Seashells and Waterfalls

I am a huge fan of video games, going way back. When I say “way back,” I mean I can remember the first time I saw a Pac-Man arcade machine and the immediate addiction that ensued upon insertion of that first quarter. That was before there were video arcades with dozens of machines lined up in rows; at that time it was merely a curiosity some shop keeper in the tiny mountain town of Sisters, Oregon had decided to stick in a corner just for fun. The quarter was provided by my favorite Aunt, Aunt Fern, who died of cancer in 1983, so I couldn’t have been much older than 10 on that fateful day.

I also vividly recall the day my parents brought home an Atari 2600 video game system. That gem was introduced in September of 1977, when I would have been six years old, but it had been around for a while before we got one. For one thing, by the time we got ours there was already a vast number of games available, so it was probably around the same time that I discovered Pac-Man, which debuted in May of 1980.

To say that I was transfixed on the video game world would be an understatement. I wasn’t allowed to spend a great deal of time sitting in front of a TV, but what time I was allowed to spend was often devoted to fighting space invaders, shooting asteroids or annihilating bricks with the paddle controllers in Breakout. As video arcades began popping up everywhere, I constantly lobbied my parents for time in those magical electronic boutiques where I could explore an incredible and ever-expanding world three minutes at a time, one quarter at a time.

All of that being said, the modern world of gaming absolutely blows me away. The immersive, limitless worlds are breathtaking, and my own daughter, now 10, is more engrossed in those worlds that I ever was. Even now I find I would almost prefer to watch someone else play than actually play myself. The ridiculously complicated controls needed to navigate modern games make me miss the days of a joystick and maybe a button that defined the parameters of the video games of my youth. The real challenge, though, isn’t learning the controls . . .it’s finding ways to extricate my daughter from the virtual clutches of her games.

According to the Digital Wellness Lab, kids my daughter’s age spend an average of two hours per day playing video games, and I can tell you that she does nothing to bring down that average. My daily challenge is to find activities that she will choose over the games, a tactic that is much more effective than simply trying to set a limit to her gaming. After all, pretty much everything happens on a device these days, and I’m not ready to spend all of my time policing what’s on her various screens.

During the summer, this task is made much easier. I’m basically off work, being a teacher, and she’s obviously out of school. We spend a great deal of time outside, whether we’re in the pool or running around theme parks, but this summer I found something that works even better.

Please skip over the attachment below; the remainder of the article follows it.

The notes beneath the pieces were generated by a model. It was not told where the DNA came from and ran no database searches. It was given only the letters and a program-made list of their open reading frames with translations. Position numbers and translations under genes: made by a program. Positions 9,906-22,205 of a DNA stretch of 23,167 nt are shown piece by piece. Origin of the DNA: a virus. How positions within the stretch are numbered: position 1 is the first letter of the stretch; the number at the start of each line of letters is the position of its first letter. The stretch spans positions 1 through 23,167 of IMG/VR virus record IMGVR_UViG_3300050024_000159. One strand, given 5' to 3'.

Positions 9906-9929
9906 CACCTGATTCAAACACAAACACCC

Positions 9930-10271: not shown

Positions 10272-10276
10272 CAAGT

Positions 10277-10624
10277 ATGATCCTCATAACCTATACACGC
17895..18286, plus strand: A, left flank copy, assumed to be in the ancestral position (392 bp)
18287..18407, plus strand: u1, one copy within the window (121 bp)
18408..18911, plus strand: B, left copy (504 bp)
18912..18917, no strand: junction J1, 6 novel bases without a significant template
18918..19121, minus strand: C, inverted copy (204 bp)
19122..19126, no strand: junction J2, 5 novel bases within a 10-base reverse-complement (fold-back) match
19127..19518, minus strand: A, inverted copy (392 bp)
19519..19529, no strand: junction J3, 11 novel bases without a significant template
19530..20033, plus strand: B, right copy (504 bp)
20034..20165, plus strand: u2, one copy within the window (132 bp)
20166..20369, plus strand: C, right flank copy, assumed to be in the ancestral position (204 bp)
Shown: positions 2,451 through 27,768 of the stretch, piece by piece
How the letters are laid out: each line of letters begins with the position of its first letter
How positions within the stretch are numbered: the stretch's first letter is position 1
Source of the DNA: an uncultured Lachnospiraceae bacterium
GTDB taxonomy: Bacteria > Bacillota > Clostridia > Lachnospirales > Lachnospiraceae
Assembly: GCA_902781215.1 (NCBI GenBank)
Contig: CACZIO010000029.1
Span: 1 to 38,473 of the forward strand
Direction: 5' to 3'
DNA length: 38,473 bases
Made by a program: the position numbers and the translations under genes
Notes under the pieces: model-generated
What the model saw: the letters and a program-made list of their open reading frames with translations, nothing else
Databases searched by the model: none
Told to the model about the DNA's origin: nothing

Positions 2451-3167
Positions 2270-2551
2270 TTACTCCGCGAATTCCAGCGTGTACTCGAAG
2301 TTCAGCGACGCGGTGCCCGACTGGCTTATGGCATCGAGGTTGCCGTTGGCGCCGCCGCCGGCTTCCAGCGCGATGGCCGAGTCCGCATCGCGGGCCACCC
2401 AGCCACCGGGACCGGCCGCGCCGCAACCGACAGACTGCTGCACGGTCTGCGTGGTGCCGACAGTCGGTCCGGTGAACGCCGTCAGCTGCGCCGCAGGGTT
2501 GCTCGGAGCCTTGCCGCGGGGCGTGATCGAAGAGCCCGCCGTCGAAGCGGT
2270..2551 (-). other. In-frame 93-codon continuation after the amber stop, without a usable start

When I wasn’t playing video games as a kid I could often be found traveling the country. My parents divorced when I was two and they never lived in the same place, so I had to opportunity to spend lots of time in places like Oregon, North Carolina, Texas and many places in between. Given the chance to experience the big city life (Houston, Dallas, Orlando, St. Louis), small town life (Galveston, Concord, NC, Albany, OR, Salem, OR,) and mountain towns like Burnsville, NC and Sister, OR, I have always found that the strongest pull in me is towards the oceans and the mountains.

The summer of 202 was, of course, extremely limited due to COVID-19, but this summer we took full advantage of vacation time, going to Universal Studios in Orlando, spending some time in the Atlantic Ocean, and heading across the US for stops in Owensboro, KY and Burnsville, NC. One thing I saw consistently was that my daughter would drop any and all devices if there was an opportunity to hit the beach or hike in the mountains. We spent one delightful afternoon wading in the surf and collecting all kinds of seashells while also seeing how many kinds of wildlife we could spot. We even rescued a sand crab that had washed onto shore and turned upside down. A couple of weeks later we spend several days hiking mountain trails that led to breathtaking waterfalls where there was very little or no cell service, but not once did she even ask or check. She was too caught up in just being alive in such remarkable places.

Video games have come a long way since I was a kid. The games that my daughter plays are far more intricate and detailed than the few simplistic blips I chased around the screen with my Atari 2600 joystick. What hasn’t changed is that nature still wins. Chasing seashells in the surf and wandering mountain trails in search of waterfalls is just as alluring to my daughter as such activities were for me.

The lesson? Clearly – spend more time in places that matter. Yes, the virtual world is amazing, but nothing beats nature. Enjoy it, preserve it, and teach your kids to do the same.



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